Take a stroll down Cork’s main thoroughfare, St. Patrick’s Street, on a Saturday afternoon and the footballing attire you’re most likely to see is that of Celtic and Manchester United, with Liverpool, Chelsea and a couple of other cross-channel giants on display too.
Growing up in Cork this sense of connection to places, and football clubs, hundreds of miles away can be pretty strong.
The difference with Liam Miller, who passed away last Friday just shy of his 37th birthday, was that he got to achieve that rare feat of living the dream many of those wearing the colours of these famous football clubs aspire to.
Having returned to his native Cork in 2015 after spells with some of the biggest sides in Scotland and England, Miller told the Irish Examiner just what it meant to him to play for two teams he grew up supporting:
“I genuinely look back and think, ‘I played for Celtic’, my boyhood club.
“I dreamed of playing for Man United and I got that opportunity as well. I don’t know how many other people can say they played for their two childhood clubs, or even one childhood club.”
While many schoolboys players of his generation dreamt of doing the same, it was obvious from an early age that Miller had that something you can’t really put your finger on. That level of footballing know-how you can’t teach. The ability you’re either born with or will never have.
Like every player who reached the heights he did, however, Miller would also need to be mentally strong and show real grit and determination to reach the next level.
This he certainly did to emerge from Celtic’s academy, having joined the Hoops aged 15, where he became a key part of Martin O’Neill’s midfield while in Glasgow.
After making 15 appearances in all in Europe for the Parkhead outfit, it was time for something new and once United came calling there was only going to be one outcome.
In July 2004 Miller transferred from one of his boyhood clubs to another to complete a dream which we may not see again in this country for some time given the nature of the Premier League’s top clubs’ hiring processes, which now make it extremely difficult for Irish youngsters to break in at the top.
Things didn’t go according to plan for the Ovens man at Old Trafford, making only a handful of appearances before going out on loan to Leeds and then ultimately to Sunderland to join up with fellow Corkonian Roy Keane, who was manager there at the time.
His final flirtation with English football was a short spell with QPR before returning to Scotland with Hibernian where he would be named in the Scottish Premier League’s 2009/10 Team of the Year before falling slightly off the radar after moving to Australia.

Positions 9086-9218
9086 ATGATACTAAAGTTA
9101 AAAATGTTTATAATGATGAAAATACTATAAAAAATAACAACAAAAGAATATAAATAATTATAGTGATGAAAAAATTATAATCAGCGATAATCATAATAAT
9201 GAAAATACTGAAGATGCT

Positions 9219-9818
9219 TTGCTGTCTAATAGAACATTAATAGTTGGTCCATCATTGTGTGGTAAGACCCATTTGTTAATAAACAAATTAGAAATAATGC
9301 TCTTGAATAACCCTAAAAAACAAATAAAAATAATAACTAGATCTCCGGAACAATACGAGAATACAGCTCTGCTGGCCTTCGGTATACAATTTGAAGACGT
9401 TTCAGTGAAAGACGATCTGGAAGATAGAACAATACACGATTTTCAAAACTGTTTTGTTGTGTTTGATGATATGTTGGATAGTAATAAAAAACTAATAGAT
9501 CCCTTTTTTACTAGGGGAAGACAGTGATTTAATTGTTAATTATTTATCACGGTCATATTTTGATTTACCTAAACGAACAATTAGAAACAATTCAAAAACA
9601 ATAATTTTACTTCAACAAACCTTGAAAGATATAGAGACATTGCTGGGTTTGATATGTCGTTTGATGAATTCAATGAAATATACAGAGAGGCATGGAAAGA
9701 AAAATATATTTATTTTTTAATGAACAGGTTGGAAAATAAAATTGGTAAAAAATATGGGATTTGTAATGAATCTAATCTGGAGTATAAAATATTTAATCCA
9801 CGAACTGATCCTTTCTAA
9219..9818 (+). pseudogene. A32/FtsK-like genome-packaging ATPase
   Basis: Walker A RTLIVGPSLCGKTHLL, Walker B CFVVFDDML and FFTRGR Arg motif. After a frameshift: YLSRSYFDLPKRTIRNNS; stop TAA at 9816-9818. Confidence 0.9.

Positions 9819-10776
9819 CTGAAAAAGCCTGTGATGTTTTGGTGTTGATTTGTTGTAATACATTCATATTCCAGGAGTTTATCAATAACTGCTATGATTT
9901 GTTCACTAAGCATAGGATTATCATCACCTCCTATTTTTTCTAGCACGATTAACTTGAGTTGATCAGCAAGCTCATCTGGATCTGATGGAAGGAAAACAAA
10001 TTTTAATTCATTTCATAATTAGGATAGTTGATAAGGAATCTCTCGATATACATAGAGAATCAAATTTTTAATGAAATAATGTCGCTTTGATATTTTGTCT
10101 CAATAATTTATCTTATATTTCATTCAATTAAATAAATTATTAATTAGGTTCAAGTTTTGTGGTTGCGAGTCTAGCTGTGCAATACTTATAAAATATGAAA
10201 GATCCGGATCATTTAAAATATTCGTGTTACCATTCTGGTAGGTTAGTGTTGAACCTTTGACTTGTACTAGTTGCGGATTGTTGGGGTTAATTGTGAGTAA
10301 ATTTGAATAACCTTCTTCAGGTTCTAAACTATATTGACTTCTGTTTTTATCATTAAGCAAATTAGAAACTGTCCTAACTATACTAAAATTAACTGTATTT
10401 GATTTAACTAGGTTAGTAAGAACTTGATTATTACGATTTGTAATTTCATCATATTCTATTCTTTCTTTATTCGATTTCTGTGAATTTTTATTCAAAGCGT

In 2015 his return to Cork City, having played at some of the biggest clubs in the world and making 21 appearances for Ireland, was somewhat poetic. That year will always be a special one for those who got to see one of their own perform on home soil.
Growing up in Cork I had followed Miller’s career for years but it wasn’t until he came home that I was able to truly appreciate the level of sophistication he brought to the game.
The high-intensity and pressing seen in League of Ireland matches can often suffocate the beauty of the game, however the former Ireland international had that level of poise on the ball which made others around him look panicked and flustered while he orchestrated attacks with a perfect first touch and incredible eye for a pass.
He was able to find space where there seemingly was none and knew three passes before the ball got to him where he would need to be and what he would need to do should he receive it.
One of the greatest players of all-time, Johan Cruyff, once remarked: “You play football with your head, and your legs are there to help you.”
If there was ever a player from Cork who embodied this phrase it was Miller.
He will be missed, he did go far too soon, but the next time you walk down St. Patrick’s Street and see a Celtic, Man United or Cork City shirt for that matter remember the boy from Ovens who got to live the dream.
RIP, Liam Miller.